So I followed the rainbow across the sea, but instead of a pot of gold and a little man in a green hat I hoped to find a dark-haired hunk with bright blue eyes (and with the leprechaun’s accent).
The Irish economy, having been driven off the cliff with de-regulation and an insane housing bubble, was in the doldrums and jobs prospects for a Canadian with only a one-year visa were bleak. Fortunately, the Siren saved me again and I was hired full time at a Starbucks in a mall just outside of Dublin.
At the busy store I certainly got to hear many accents. Sometimes I could barely understand Irish customers, who have a tendency to mumble. I misunderstood common expressions: when I would inevitably mess something up and apologize, I would be told “oh, you’re okay” or “you’re grand”, which I took as appreciative words of encouragement. After awhile I learned that “you’re okay” was not personal but just the equivalent of “it’s okay”.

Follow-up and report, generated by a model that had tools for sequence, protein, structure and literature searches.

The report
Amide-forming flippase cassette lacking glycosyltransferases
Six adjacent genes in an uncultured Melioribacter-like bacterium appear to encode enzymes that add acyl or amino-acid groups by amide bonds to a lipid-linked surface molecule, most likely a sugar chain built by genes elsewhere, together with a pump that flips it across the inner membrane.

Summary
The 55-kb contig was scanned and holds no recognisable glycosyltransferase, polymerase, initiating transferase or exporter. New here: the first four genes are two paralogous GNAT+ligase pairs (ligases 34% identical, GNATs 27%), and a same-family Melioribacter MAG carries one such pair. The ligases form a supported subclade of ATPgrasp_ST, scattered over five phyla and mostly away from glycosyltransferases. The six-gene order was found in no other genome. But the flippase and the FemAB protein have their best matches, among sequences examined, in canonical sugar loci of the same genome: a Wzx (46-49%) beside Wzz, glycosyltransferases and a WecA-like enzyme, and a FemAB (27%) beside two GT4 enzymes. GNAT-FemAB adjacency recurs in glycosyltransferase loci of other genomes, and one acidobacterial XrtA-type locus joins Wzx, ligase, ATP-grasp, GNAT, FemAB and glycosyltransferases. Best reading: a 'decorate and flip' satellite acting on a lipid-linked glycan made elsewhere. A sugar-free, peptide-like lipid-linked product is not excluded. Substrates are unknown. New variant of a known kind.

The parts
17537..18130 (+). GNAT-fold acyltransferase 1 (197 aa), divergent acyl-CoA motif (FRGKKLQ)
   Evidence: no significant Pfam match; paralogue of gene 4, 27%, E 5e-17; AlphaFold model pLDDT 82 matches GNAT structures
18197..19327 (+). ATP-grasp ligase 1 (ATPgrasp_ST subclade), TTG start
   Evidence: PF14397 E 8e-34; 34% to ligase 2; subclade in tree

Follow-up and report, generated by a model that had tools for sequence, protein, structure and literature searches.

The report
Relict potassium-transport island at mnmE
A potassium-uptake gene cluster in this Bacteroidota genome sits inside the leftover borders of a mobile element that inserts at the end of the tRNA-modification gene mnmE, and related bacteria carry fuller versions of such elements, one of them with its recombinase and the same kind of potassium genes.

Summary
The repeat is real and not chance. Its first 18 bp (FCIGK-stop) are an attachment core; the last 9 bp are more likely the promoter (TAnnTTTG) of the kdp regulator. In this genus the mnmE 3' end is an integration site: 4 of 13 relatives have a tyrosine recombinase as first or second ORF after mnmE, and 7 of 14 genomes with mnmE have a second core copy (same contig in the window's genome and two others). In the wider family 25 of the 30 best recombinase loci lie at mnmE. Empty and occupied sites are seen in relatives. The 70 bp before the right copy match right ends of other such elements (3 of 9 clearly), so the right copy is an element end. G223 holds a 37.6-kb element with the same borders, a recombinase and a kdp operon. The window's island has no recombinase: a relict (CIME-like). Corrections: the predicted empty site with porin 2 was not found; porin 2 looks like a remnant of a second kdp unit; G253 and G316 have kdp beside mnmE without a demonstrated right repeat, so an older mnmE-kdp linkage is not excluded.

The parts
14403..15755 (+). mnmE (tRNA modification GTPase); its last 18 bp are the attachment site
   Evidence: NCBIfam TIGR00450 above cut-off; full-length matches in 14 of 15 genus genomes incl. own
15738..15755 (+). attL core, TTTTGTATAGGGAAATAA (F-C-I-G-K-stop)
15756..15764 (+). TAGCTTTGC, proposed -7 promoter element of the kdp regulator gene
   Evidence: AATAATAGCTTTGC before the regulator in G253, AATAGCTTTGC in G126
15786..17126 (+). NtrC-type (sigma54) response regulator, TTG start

But the biggest difference I noticed in Irish customers is that they didn’t get Starbucks cup sizes. And I don’t mean the tall-grande-venti trinity much maligned by confused Tim Horton’s regulars and people who actually speak Italian. I mean the idea of cup sizes.
“I’ll have a latte.”
“What size would you like?”
“What size: small, medium or large?”
“Oh. Umm… just the regular one.”